Wilfrid Midgley

    The cartoon at the top of the page, titled Midge's Midget, was drawn by Alan Toze, who, along with
    Wilfrid Midgley, was a prisoner of war in a Japanese prison camp in the Singapore area. A book of
    Toze's cartoons titled "In Defence of Singapore," not including this one, was published after the war.
    Margaret Swanson, (grandaughter of Wilfrid Midgley) who sent the picture to me, noted that it
    appeared to have been drawn on a paper bag. Mr. Toze sent the cartoon to Wilfrid's son, Jim, along
    with the following note.

    "I am delighted to be able to send this caricature of your father, Sgt. Midgley, which I drew whilst he
    and I and a couple of thousand others were engaged in building of roadway for the Japs on
    Singapore Island in 1942. The original drawing is in the Imperial War Museum, London, together
    with my diaries and sketches. Enclosed is a copy."

    A note on the drawing says, "There were some funny moments, tho. This is Sgt. Midgley who was
    detailed to crush huge bolders with a roller."

    The photo at the bottom, taken in November 1945, shows Wilfrid Midgley on the right, and his
    older brother, Harold, on the left. The picture was taken in Hopedale when Wilfrid was on his way
    from a Japanese prison camp to his home and family in England. He eventually settled in the
    United States.

    In the Milford News, the name was "Wilfred," but Margaret says his name was spelled "Wilfrid."

    HOPEDALE, Nov. 27 [1942] - Sgt. Wilfrid Midgley, 34, of the British army, former resident, reported
    missing by the War Department nearly a year ago and since thought by his relatives to have died, is
    still alive and a prisoner of war, according to a telegram received yesterday, Thanksgiving day, by
    the young man's parents, Mr. and Mrs. Harry Midgley.

    The Midgley family was gathered around the table for the holiday dinner when the welcome news
    was received and its arrival proved to be the best Thanksgiving day present the family ever received
    and most appropriate.

    Sgt. Midgley came form England to Hopedale and remained here about five years, being a
    machinist at the Draper Corp. plant. He returned to England 11 years ago and enlisted in the army
    at the beginning of the war. His relatives received letters from him while he was stationed in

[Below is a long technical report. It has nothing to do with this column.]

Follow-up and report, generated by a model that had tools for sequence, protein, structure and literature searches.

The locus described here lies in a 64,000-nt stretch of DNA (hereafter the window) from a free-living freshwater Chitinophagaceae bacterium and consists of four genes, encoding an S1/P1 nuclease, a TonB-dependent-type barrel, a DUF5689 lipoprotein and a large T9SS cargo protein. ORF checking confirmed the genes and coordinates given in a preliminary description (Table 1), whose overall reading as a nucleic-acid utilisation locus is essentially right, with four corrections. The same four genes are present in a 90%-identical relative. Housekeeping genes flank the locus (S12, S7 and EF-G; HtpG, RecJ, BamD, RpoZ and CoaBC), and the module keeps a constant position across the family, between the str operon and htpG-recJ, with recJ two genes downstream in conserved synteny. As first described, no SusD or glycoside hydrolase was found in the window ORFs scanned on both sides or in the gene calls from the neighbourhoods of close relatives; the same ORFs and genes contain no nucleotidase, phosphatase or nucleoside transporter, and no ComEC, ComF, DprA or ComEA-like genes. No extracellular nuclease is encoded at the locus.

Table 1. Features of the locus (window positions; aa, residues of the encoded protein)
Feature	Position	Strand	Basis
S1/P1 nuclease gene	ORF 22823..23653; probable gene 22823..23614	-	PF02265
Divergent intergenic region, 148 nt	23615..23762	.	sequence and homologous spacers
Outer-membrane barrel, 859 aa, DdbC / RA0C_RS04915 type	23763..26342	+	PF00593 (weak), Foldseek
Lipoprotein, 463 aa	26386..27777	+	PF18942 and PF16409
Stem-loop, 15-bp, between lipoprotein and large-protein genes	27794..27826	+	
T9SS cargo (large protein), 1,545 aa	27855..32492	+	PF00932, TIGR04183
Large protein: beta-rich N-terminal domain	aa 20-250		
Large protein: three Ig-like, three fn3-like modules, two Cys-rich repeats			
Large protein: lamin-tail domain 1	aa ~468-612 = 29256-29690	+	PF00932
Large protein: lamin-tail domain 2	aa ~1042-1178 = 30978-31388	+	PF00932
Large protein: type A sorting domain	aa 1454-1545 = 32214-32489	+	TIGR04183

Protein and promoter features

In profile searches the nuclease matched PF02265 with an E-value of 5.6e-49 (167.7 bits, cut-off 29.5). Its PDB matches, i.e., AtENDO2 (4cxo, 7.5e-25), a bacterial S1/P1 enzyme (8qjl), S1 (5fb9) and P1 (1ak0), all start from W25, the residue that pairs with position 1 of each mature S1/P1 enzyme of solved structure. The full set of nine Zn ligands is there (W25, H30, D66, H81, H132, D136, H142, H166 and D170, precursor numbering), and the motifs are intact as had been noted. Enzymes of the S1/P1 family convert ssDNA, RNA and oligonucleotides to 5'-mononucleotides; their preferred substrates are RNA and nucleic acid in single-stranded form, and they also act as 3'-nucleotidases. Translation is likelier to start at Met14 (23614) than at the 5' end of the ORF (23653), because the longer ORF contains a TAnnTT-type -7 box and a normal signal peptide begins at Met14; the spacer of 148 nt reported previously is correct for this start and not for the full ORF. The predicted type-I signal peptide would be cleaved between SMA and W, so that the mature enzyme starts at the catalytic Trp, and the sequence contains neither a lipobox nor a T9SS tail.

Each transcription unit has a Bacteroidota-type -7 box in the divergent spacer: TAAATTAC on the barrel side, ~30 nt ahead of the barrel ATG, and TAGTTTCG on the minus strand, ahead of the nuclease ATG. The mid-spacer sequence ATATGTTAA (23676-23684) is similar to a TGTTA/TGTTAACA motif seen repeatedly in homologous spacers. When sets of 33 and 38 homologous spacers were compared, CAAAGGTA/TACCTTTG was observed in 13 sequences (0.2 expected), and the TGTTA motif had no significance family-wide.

Singapore, previous to Dec. 7, 1941.

    They believe him to be still in that vicinity. He is married and has a wife and three children in
    England. A brother, Harry, is also in London, employed at the Croyden Aircraft works. Another
    brother, Raymond, is at the Navy yard in Boston.

    The telegram was read while his brothers, Arthur and Harold, with their families, were at dinner
    with Sgt. Midgley's parents.

    The War Department last January advised relatives that Sgt. Midgley was missing and the long
    period which elapsed since without any further word, gave the family the impression that he had
    been killed. Milford Daily News

                                          Ex-Prisoner Writes Parents In Hopedale


    HOPEDALE, Oct. 15 [1945] - Mr.and Mrs. Harry Midgley were overjoyed Saturday to receive a letter
    from their son, Sgt. Wilfrid Midgley, a former resident, stating that he was in Manila on the S.S.
    Sanctuary, having arrived there from Okinawa after being liberated from a Japanese prison camp.

    Sgt. Midgley's wife and three children are in England and he was serving with the British forces
    when taken prisoner at the fall of Manila. [Wilfred's son, Ray sent a correction to this. Wilfrid was
    taken prisoner in February 1942, after the fall of Singapore.]  First reported as missing, his family
    were notified that he was a prisoner of the Japs nine months later, That was three years and nine
    months ago.

    His parents had a brief note from him dated Sept. 16, telling of his evacuation from Japan and the
    letter which arrived here Saturday was dated Sept. 27. It expressed his happiness at being on the
    way home at last and referred to a letter he got from home during 1944, which helped his morale.
    He also wrote that he had been afflicted with dysentery, diphtheria, frost bite, pneumonia and a
    fractured jaw received in a beating by the Japs, but was now on the top of the world.

    By a strange coincidence Sgt. Midgley missed seeing his brother, Raymond who is serving with the
    army engineers on Okinawa, but this was inevitable as neither one knew the other was there.

    There is a possibility that the ship on which the liberated man is a passenger may proceed to the
    British Isles, via the United States, and if so his parents will have an opportunity to see him soon. At
    present they are anxiously awaiting news from Raymond who has not written since the recent
    typhoon hit that section. Milford Daily News

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